Voyages of Exploration and Exploitation

Rebecca Quinton, Research Manager (Art)
large colourful tapestry showing dozens of people and animals tightly packed into the piece

Exploration of the Indies: The Camel Caravan, about 1500–30. Woven perhaps in the workshop of Arnould Poissonnier, Tournai, Southern Netherlands, now Belgium.

Burrell Collection 46.94
Images © CSG CIC Glasgow Museums Collection

15th July 2020

This stunning tapestry in the Burrell Collection with its long-necked camels allows us to take a long view and look at the origins of the transatlantic slave trade. Woven in about 1500–30 probably in the workshop of Arnould Poissonnier in Tournai, Southern Netherlands, now Belgium, this tapestry is one of a group known collectively as the Voyage to Calicut. Each panel showed a scene from the journeys around the coast of Africa to Kozhikode (anglicized as Calicut) on the west coast of India by the Portuguese explorer, Vasco da Gama, in 1497–99 and 1502–03.

These are often taught in schools as voyages of discovery and celebrated as a part of a golden age of European exploration; however, they also mark the beginnings of European exploitation of people from sub-Saharan African countries in the Caribbean and Americas. In this case da Gama’s expeditions were not only aiming to find a new sea route for trade with the Indian subcontinent, but also to establish new Portuguese trading posts by which to buy and sell various goods, including enslaved Africans. During the 1497–99 voyage da Gama stopped at the Cape of Good Hope and Natal in what is now South Africa, Mombasa on the Kenyan coast and Goa before arriving in Kozhikode.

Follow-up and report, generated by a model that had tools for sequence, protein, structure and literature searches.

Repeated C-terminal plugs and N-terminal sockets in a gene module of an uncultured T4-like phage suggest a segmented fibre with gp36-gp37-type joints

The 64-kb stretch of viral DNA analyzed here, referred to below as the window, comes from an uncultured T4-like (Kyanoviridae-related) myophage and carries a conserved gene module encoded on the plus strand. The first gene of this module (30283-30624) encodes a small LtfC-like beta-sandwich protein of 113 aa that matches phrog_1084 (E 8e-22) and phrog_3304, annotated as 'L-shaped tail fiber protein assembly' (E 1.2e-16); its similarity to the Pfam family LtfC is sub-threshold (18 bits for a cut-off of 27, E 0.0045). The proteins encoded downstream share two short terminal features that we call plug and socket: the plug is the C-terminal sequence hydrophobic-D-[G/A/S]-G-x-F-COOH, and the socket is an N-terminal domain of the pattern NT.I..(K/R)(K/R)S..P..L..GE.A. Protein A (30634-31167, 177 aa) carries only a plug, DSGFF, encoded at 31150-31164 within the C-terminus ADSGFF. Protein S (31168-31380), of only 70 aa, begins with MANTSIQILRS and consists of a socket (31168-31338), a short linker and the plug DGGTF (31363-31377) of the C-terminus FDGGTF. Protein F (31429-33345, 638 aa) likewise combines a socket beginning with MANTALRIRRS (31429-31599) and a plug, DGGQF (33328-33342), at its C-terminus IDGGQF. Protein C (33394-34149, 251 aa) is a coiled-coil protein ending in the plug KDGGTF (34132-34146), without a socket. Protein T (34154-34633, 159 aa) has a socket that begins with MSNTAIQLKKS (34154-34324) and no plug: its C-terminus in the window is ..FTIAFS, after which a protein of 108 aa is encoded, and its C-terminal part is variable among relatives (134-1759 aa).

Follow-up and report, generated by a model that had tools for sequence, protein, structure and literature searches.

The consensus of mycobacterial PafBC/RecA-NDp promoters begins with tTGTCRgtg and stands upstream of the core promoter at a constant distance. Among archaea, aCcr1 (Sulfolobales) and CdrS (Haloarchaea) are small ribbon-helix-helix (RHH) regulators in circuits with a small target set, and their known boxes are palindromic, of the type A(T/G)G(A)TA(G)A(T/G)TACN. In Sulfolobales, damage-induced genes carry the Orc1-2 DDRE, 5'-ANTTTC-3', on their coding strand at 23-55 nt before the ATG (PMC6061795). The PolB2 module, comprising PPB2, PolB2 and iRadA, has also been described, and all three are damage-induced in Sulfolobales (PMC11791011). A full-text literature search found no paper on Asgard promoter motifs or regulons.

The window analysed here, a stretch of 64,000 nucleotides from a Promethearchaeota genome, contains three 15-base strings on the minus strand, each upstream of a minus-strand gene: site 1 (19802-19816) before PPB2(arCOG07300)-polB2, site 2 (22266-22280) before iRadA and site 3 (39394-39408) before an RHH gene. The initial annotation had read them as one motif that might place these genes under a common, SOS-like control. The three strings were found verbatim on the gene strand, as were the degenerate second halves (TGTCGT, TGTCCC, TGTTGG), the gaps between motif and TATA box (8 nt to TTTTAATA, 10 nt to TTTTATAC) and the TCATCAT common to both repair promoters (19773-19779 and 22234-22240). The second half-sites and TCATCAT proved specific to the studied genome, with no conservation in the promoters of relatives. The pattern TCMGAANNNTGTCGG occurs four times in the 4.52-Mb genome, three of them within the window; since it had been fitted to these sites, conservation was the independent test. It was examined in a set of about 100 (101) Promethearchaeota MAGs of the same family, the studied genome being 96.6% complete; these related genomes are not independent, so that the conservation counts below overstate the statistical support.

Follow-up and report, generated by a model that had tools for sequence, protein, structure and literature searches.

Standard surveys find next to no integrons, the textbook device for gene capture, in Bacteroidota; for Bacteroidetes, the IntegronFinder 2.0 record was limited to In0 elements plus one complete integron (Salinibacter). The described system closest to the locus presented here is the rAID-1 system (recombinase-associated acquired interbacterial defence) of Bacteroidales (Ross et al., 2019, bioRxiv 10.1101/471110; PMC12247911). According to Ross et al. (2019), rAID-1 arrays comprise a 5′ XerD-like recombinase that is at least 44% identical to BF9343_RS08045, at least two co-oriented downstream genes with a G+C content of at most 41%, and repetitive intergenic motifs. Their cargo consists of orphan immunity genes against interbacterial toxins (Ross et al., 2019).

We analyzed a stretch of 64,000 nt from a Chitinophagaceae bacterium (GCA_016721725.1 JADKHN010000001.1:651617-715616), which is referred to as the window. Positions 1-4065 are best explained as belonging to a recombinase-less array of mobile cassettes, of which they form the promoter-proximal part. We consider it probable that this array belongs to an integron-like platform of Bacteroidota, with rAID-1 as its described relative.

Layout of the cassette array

The first public sale of enslaved Africans in Portugal had been held in Lagos in 1444 as a result of a raid by Lançarote de Freitas under licence from the Infante D. Henrique of Portugul, known as Prince Henry the Navigator. 235 Berbers were captured, kidnapped and enslaved from Nar, Tider and Cerina in the Bay of Arguin, now in Mauritania. Eleven years later in 1455 Pope Nicholas V granted King Afonso V of Portugal a papal bull known as the Romanus Pontifex allowing the Portuguese the right to continue trading in enslaved Africans provided they were converted to Christianity. As the trade expanded the Portuguese started building their first permanent slave trading post in 1482 at Elmina, now in Ghana.

tapestry showing a person holding a decapitated head whilst another person looks on
Judith with the Head of Holofernes and her Maid, about 1561–1613. Woven possibly in Barcheston, Warwickshire or Bordesley, Worcestershire, England. Burrell Collection 47.23

These enslaved Africans were initially used on Portuguese sugar plantations on islands off the west coast of Africa, including Madeira from 1452 and Cape Verde in 1462. While the transatlantic slave trade was started by the Spanish in 1502, the Portuguese were soon after spurred on by Pedro Álvares Cabral’s claim on Brazil in May 1500. Brazil was officially colonized in 1534 with plantations established that were worked by enslaved Africans, mainly from what is now Angola and Mozambique. The largest export was sugar, but another major trade good was brazilwood (Paubrasilia echinata), native to Brazil, Paraguay and Argentina and as a result of European exploitation now classified as endangered. Brazilwood is prized both for its wood but also as a source of natural red dye used to create shades from orange to purple. This resulted in its mass exportation to Europe from the mid-1500s onwards for use in dying yarns used to make luxurious Renaissance textiles such as velvets and tapestries, including a small tapestry panel of Judith with the Head of Holofernes and her Maid and other English tapestries in the Burrell Collection.

Rebecca Quinton,
Research Manager (Art)